apparent retrograde motion (retrograde means “back ward”) last
The Sun and Moon each move steadily through the constellations, with the Sun from a few weeks to a few months, depending on the planet. completing a
circuit around the celestial sphere once a year and the moon once a month.
A picture from November to June in 29 weeks. This contradicts with Plato's claim that all heavenly objects move in perfect circles. How can something go backwards if it moves in perfect circles?
Ptolemy’s model was the Ptolemaic model. This model
reproduced retrograde motion by having planets move around Earth
on small circles that turned around larger circles. A planet following
this circleoncircle motion traces a loop as seen from Earth, with the
backward portion of the loop mimicking apparent retrograde motion.
It was complicated but it did work, although it put some circles of
centre to get his model to agree with observations.
Aristarchus is this guy that suggested that Earth goes around the sun. He recognized that a Suncentered system offers a much more natural explanation for apparent retrograde motion.
Aristarchus had little success in convincing his contemporaries to accept it. Aristarchus’s idea seemed inconsistent with observations of stellar positions in the sky.
If Earth orbits the Sun, then over the course of each
year we should see nearby stars shift slightly back
and forth relative to more distant stars (stellar
parallax). The Greeks could not detect any such
shift, and used this fact to argue that Earth must be
at the center of the universe. Today, we can detect
stellar parallax with telescopic observations,
proving that Earth does orbit the Sun. (This figure is
greatly exaggerated; the actual shift is far too small
to detect with the naked eye.)
Why did the Greeks argue about the possibility of life beyond Earth?
"Some Greek philosophers (the atomists) held that our world formed among an infinite number of indivisible atoms, and this infinity implied the existence of
other worlds. In contrast, Aristotle and his followers (the Aristotelians) argued that all earth must have fallen to the center of the universe, which rationalized
the belief in a geocentric universe and the belief that the heavens were fundamentally different from Earth. This implied that Earth must be unique, in which case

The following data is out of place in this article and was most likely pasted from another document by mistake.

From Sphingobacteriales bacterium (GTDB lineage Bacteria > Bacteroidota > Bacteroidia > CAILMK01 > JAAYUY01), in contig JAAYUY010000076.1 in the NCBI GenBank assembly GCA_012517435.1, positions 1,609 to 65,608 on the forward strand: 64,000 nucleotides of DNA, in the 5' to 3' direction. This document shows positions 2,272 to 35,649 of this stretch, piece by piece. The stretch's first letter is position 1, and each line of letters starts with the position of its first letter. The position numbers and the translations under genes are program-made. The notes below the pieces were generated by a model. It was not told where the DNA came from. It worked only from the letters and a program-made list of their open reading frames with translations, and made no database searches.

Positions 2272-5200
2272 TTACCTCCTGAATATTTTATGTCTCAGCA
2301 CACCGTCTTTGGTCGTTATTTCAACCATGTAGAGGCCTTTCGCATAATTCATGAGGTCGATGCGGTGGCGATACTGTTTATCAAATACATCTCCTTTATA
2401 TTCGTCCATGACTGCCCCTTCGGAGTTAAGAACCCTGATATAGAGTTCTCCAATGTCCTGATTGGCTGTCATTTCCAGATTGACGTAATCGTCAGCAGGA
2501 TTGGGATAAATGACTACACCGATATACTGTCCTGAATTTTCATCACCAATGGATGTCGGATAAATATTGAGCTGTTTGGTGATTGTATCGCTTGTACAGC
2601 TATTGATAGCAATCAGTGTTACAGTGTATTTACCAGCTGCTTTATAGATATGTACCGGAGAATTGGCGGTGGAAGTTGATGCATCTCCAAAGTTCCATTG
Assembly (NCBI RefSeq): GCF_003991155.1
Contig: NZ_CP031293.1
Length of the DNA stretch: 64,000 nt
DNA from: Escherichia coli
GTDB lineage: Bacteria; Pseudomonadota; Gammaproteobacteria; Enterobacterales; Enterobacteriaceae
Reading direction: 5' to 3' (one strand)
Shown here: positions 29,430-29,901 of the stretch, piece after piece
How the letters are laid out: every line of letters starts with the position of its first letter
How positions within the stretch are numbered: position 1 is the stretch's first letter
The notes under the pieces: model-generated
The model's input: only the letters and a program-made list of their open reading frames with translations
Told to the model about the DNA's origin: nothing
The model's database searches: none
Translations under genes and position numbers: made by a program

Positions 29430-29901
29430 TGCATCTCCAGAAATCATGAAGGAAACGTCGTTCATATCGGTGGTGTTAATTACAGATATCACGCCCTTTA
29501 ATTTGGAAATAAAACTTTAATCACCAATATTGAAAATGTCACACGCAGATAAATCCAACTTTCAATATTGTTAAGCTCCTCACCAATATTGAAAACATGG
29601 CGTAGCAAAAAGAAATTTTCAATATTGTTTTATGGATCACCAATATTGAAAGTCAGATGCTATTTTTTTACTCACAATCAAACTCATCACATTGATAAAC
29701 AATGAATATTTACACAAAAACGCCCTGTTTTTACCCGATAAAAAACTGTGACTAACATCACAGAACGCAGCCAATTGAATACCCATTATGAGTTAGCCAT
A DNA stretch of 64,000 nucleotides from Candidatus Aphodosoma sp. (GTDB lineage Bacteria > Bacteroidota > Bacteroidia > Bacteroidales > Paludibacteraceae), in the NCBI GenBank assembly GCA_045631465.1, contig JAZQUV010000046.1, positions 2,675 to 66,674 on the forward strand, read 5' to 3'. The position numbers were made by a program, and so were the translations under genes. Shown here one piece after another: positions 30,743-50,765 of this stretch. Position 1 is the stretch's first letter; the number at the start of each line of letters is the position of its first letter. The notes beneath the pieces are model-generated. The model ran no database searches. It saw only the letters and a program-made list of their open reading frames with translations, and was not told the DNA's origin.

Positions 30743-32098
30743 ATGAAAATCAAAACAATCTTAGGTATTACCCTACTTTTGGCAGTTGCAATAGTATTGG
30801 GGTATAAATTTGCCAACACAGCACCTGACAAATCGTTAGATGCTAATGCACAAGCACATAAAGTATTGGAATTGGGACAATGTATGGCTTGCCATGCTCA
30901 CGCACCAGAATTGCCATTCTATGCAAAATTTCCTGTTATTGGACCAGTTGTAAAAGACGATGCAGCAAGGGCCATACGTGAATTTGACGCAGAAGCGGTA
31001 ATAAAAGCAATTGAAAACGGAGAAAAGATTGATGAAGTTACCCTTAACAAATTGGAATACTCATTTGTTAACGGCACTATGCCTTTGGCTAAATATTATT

no other worlds or other life could exist."
Anaximander suggested that all material things arose from and returned to the apeiron, which allowed him to imagine that worlds might be born and die repeatedly through
eternal time. The aperion means "infinite"
He is suggesting that other Earths and other beings might exist at other times.
Generally, Greeks thought world’s having been built from four elements: fire, water, earth, and air. The atomists held that both Earth and the heavens were made from an ininite number of indivisible atoms of each of the 4 elements.
The aristotelians held that 4 elements, not necessarily made from atoms, were confined to the realm of Earth, and while the heavens were made of a distinct fifth element, often
called the aether, or ether, or the quintessence, literally meaning the 5th essence.
The atomists doctrine was developed by Democritus and his views led to belief in extraterrestrial life.
He thinks that both Earth and the heavens had been created by the random motions of infinite atoms.
This idea held that the number of atoms was infinite, it was natural to assume that the same processes that created our world could also have created others.
Aristotle had a different view. He believed that each of the four elements had its own natural motion and place.
For example, he believed that the element earth moved naturally toward the center of the universe, an idea that offered an explanation for the Greek assumption that Earth
resided in a central place. The element fire, he claimed, naturally rose away from the center, which explained why flames jut upward into the sky.
If there were more than one world, there would be more than one natural place for the elements to go, which would be a logical contradiction. Therefore, he doesn't think there
are many worlds.